By the designation which we have printed in italics in the last quotation, the writer evidently means the numerous divisions of the Christian church who dedicate their little ones to Almighty God by baptism. It is rather an uncourteous appellation, and, we think, not classical. The prediction, we hope, will not be fulfilled. So, we trust, hopes also its author, even though he thereby loses his reputation as a prophet. The "wrath of the infant sprinklers,” who compose nineteen-twentieths of God's Israel, will not be down upon” any one of the tribes, whatever be the provocation given, or the insolence indulged in; at least, not until the angel flying in the midst of heaven has proclaimed the everlasting gospel to every nation, and kindred, and tongue, and people : and then, there will be no revolting tribe to challenge or deserve their wrath.

We have given a fair specimen of the charges and accusations which our brethren tell us they have had to meet since their new organization. They are all, like those we have quoted, vague and indefinite. We are told that such things have been said, but we are not told by whom, or where, or when.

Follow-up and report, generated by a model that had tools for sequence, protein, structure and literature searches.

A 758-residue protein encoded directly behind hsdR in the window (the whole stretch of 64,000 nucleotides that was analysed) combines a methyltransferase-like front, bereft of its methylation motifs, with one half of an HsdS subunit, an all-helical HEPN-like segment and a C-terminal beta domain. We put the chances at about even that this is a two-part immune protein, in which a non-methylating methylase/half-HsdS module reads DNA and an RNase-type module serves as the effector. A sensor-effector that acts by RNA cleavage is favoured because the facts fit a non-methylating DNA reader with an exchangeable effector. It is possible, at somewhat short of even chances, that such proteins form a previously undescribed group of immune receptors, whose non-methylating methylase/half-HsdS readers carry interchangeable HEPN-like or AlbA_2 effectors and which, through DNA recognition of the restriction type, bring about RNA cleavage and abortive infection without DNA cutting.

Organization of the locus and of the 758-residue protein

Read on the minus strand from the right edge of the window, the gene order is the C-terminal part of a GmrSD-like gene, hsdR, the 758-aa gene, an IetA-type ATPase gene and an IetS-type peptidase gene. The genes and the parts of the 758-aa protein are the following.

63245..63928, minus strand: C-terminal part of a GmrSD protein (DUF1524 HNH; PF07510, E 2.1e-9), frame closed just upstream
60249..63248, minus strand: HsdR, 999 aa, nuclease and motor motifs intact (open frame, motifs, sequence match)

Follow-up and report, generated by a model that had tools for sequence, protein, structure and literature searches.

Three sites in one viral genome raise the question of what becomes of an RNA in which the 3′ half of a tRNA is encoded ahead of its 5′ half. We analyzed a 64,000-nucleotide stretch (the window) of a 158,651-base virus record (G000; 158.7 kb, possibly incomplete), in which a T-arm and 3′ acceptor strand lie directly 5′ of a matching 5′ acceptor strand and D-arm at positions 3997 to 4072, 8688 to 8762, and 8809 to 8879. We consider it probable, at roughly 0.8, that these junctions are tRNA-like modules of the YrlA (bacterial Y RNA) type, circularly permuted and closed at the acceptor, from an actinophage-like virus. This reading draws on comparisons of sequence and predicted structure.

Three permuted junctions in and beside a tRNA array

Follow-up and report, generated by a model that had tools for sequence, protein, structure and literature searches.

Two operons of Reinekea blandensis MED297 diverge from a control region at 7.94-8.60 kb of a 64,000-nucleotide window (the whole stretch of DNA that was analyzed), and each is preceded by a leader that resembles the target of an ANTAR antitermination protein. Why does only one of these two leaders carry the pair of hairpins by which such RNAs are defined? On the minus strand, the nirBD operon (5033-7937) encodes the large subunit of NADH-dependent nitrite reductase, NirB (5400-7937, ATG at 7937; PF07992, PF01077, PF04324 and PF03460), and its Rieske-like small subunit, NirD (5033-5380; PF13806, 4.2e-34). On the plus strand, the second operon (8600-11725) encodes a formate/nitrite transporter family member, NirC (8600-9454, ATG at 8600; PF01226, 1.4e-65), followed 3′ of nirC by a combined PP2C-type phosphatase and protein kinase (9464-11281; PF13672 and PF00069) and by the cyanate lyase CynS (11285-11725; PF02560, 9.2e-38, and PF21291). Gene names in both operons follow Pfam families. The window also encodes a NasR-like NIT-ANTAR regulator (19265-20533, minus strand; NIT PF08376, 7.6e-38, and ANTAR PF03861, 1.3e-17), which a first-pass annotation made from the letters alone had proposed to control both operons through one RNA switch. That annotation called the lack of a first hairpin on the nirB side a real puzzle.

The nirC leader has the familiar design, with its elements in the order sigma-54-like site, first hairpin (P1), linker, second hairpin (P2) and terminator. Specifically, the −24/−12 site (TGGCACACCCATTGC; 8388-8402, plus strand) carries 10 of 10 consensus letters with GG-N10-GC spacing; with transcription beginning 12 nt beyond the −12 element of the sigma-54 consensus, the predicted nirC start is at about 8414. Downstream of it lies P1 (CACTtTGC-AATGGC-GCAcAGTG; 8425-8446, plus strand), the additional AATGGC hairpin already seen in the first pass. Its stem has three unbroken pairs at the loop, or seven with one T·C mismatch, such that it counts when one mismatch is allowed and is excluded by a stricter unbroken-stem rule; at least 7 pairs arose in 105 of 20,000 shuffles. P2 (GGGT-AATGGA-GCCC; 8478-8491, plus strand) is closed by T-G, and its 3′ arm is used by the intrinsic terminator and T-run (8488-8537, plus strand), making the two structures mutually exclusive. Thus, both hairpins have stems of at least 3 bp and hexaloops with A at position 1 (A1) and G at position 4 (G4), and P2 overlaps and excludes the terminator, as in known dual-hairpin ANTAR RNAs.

There is, however, in the “provisional report” a letter signed E. D. Fendall, which seems a little more specific in the nature of its charges. As it has some reference to a branch of the church with which we are connected, our readers will pardon us for quoting from it at some length. It is dated

Cedaroille, December 3, 1836. “Dear Brother, When I providentially came to this place last June, I found the whole community in a state of extreme agitation, and the theme of all conversation was the new Baptist Bible; almost every